The wait for the bus is a high point of anxiety for bus riders. How can we make waiting for the bus a less frustrating experience? Could it be productive? Social? Or just less anxiety-creating? After performing design ethnographic research at bus stops in Pittsburgh, our team proposed four interventions that could reduce the stress of the waiting for the bus.

I worked with fellow CMU design grad students Saumya Kharbanda and Kate McLean collaboratively on the research and design proposal phases of this project for the CMU MDes IXD Studio.

Design Brief: Look into the everyday lives affected by complex systems that are sometimes unnoticed, immersive, delightful, informative, useful or useless. By approaching systems such as social/mobile services from various perspectives, discover an opportunity where intelligent, sensing systems can add value in the way in which people connect with one another in their surroundings throughout the day.

Design Research: Understanding the Users

After taking several research trips to a busy intersection in Pittsburgh, we observed that bus stop riders are not a homogeneous group of people. They appeared to fall into three categories, clustered around age, but defined more broadly by attitude and habit. The ‘dominant group’ appeared most comfortable at the bus stop and used the wait time for social interactions. We wondered if we could spread this attitude without disrupting the hierarchy already established within stops.

Persona Illustrations by Kate

Taking our initial research a step further, we also experimented with several playful lo-fi interventions in the space to get an understanding of what people would respond to and how.

Final Deliverable: 4 Principals for Designing

1. The Problems with Fixed Timing

While the wait time between buses might be fixed, the way people track that wait time varies—from a tacit understanding of the bus cycle to printed schedules to digital apps. We saw that the fixed arrival time increased anxiety, focusing people on the wait time and creating frustration if the bus was even a few seconds off. An integrated wayfinding system tracks the location of the buses, relying heavily on people’s assessment of arrival time and avoiding fixed scheduling. This map begins to orient people to Pittsburgh’s illegible geography, and more functionally, alleviates the confusion of an overcrowded bus blowing by.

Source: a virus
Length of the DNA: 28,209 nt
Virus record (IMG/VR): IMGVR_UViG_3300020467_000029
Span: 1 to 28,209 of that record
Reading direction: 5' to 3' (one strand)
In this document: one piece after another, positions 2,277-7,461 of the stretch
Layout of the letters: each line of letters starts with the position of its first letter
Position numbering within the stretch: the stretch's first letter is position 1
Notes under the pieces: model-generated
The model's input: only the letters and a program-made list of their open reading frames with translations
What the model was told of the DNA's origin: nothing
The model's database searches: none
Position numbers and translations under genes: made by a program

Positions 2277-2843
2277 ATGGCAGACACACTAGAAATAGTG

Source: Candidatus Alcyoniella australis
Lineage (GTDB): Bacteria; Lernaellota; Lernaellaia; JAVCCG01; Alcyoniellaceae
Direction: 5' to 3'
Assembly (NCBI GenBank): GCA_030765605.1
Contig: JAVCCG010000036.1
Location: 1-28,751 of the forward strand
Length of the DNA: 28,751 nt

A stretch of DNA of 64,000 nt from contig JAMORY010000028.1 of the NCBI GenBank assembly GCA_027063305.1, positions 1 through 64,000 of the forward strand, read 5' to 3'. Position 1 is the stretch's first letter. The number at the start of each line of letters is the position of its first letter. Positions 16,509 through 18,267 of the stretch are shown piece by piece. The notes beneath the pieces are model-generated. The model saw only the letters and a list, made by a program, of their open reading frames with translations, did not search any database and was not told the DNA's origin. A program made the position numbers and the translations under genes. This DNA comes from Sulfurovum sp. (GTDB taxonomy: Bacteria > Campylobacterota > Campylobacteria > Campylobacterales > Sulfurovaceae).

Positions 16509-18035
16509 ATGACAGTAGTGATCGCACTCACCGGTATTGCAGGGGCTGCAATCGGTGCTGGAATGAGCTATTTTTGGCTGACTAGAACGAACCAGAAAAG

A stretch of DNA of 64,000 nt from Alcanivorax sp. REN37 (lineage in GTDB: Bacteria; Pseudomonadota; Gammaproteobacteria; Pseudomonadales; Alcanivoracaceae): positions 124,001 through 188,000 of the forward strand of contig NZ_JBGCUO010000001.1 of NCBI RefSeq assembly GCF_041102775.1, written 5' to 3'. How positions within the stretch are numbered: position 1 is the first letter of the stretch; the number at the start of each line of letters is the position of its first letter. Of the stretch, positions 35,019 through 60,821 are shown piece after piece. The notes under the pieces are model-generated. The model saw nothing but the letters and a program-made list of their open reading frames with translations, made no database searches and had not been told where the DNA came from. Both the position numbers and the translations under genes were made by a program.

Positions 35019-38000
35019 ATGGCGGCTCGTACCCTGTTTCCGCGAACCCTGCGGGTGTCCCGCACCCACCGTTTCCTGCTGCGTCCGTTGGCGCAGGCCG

The bus map design uses a poster map and LEDs. Each map is customized for each stop it is implemented in and is connected to the Port Authority’s GPS bus data in order to show bus tracking.

Map Illustration by Saumya

2. Preoccupation & Signalling

People ritually checked the space or their phone to see when the bus was arriving, keeping them from engaging in social interactions or other activities that they might find more meaningful. A lighting and sound system helps to indicate where bus stops are located at night but also indicates when buses are arriving so that people can focus on activities while waiting.

3. Acknowledging & Accommodating the Use of Space

Typical bus shelters have small frames that can only accommodate three to five people. Stops where we found the most social interaction were deep and allowed people to move in, out, and around the stop. Modular seating that expands outside of the frame of the bus stop acknowledges people’s habit of being in motion in and around the designated space while waiting.

4. Sense of Space

Bus stops with shelters are easy to locate but those with bus signs are a challenge to find for newcomers. Colorful concrete patterns around the bus stop help identify bus stops and create a clearer sense of space for stops without shelters. These tiles are different for each stop, and designed by local artists, creating a greater sense of community for each stop and adding to the legibility of the city.